Why relying on Blake Bortles more (on first down) makes sense for Jaguars

JACKSONVILLE, Fla. -- When coach Doug Marrone looks back at the Jacksonville Jaguars’ loss to New England in the AFC Championship Game, one of the things that bothers him the most is that the Jaguars couldn’t run the ball effectively in the second half.

He and offensive coordinator Nathaniel Hackett tried to salt away a lead behind Leonard Fournette and the league’s top-ranked rushing offense during the regular season. It may sound funny to critics, but maybe the Jaguars could have held on to beat the Patriots had they relied on quarterback Blake Bortles instead.

At the very least, the Jaguars could have been less conservative on first down, especially since Bortles has been especially successful throwing the ball on first down. He was the NFL’s seventh-rated passer on first down (64.9 percent completions, 11 TDs, 2 INTs, and 1,499 yards) during the regular season, ahead of some of the game’s top quarterbacks in Ben Roethlisberger, Kirk Cousins, Jared Goff, Carson Wentz, Matt Ryan, Matthew Stafford and Russell Wilson.

The Jaguars relied on Bortles heavily in the first half of the AFC title game. He was 8-for-8 for 102 yards and 1 touchdown on first down to give the Jaguars a 14-10 lead at the half. However, Bortles threw only five first-down passes in the second half -- and two of those came on the Jaguars’ final possession, trailing by four points with 2 minutes, 48 seconds remaining. He completed just two passes for 23 yards.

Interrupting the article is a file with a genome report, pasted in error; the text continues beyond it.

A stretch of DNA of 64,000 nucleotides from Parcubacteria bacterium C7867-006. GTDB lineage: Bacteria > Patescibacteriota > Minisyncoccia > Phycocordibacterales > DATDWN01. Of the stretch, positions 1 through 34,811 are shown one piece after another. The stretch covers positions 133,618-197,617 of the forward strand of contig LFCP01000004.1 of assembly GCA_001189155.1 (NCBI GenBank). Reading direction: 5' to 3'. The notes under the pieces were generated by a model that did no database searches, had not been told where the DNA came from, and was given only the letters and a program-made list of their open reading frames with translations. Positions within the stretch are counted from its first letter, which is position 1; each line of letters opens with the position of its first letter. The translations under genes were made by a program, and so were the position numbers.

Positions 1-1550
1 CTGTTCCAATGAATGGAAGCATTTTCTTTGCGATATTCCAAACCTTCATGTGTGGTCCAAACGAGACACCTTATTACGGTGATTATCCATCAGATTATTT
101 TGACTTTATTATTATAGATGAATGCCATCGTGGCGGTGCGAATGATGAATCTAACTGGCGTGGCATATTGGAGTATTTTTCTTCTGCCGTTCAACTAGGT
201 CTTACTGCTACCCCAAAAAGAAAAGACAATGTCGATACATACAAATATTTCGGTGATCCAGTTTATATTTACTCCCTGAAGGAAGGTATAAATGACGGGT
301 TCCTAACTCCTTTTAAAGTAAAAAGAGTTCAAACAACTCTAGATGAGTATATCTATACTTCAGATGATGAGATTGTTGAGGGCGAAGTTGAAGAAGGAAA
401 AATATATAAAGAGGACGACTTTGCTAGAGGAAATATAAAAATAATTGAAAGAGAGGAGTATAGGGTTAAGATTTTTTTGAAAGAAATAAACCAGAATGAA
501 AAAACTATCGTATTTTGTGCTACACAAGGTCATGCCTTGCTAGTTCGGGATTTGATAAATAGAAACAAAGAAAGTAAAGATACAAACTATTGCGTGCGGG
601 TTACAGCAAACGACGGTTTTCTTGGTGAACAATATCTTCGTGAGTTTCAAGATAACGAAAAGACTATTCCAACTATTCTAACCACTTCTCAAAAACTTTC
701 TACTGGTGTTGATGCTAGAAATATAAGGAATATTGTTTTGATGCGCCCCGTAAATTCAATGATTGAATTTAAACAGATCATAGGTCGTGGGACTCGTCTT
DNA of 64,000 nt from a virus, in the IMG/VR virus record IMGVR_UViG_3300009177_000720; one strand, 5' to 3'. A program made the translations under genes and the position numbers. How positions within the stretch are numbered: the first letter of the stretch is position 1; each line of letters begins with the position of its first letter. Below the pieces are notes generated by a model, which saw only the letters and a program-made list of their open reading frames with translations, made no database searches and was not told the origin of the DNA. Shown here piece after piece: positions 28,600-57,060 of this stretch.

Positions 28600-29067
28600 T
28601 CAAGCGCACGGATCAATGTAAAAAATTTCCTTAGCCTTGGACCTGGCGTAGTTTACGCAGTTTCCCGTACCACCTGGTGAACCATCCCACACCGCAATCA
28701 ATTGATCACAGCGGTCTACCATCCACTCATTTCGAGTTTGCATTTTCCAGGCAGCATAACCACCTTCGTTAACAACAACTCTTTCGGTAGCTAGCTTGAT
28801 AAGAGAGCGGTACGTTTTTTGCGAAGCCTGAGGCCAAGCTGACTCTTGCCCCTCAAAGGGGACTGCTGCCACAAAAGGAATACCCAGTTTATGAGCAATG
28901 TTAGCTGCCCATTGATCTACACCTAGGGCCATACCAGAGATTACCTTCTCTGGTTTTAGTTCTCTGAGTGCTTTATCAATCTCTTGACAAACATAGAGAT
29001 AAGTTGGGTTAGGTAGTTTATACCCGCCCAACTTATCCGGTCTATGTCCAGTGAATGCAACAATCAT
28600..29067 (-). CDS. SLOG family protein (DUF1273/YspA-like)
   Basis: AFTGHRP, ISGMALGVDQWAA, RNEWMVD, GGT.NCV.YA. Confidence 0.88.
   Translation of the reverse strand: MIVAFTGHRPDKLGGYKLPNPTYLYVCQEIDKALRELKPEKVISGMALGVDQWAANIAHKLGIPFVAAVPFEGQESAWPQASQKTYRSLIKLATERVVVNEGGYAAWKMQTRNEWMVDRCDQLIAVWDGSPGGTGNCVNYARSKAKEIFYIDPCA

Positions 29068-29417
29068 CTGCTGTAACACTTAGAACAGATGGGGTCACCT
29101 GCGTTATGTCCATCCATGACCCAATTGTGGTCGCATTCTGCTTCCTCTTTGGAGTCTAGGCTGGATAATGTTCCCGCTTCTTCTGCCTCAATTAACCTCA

The Jaguars were hit and miss in terms of allowing Bortles to throw a lot on first down throughout the regular season, but the team went 6-3 in Bortles’ nine games in which he posted a passer rating of 100 or better on first down. That included games against Seattle and Baltimore, and both Houston games.

If the Jaguars want to keep Bortles trending in the right direction, Hackett needs to continue to be aggressive with first-down play calls. Defenses focused on stopping Fournette -- he had more carries against boxes of eight or more defenders (82) than any other player in the league -- and there’s no reason to expect them to approach the Jaguars differently in 2018, especially if the team doesn’t bring back receiver Allen Robinson.

Bortles certainly had his issues last season but he seemed to be at his best and most comfortable when the game plan allowed him to throw the ball on early downs. Doing that sends a message to the quarterback that staff trusts him to make good decisions.

The team sent the opposite message when they elected to take a knee and run out the final 55 seconds of the first half against the Patriots, despite having two timeouts and the ball on their own 25-yard line. Bortles had completed 13 of 15 passes up to that point and had yet to commit a turnover in the postseason.

“You have to give New England credit there and they did a better job of executing, a better job of coaching than we did at times,” Marrone said. “I put that more on me than anything else. I have to do a better job for our coaches and our players to give them an opportunity to perform or execute at a better level.”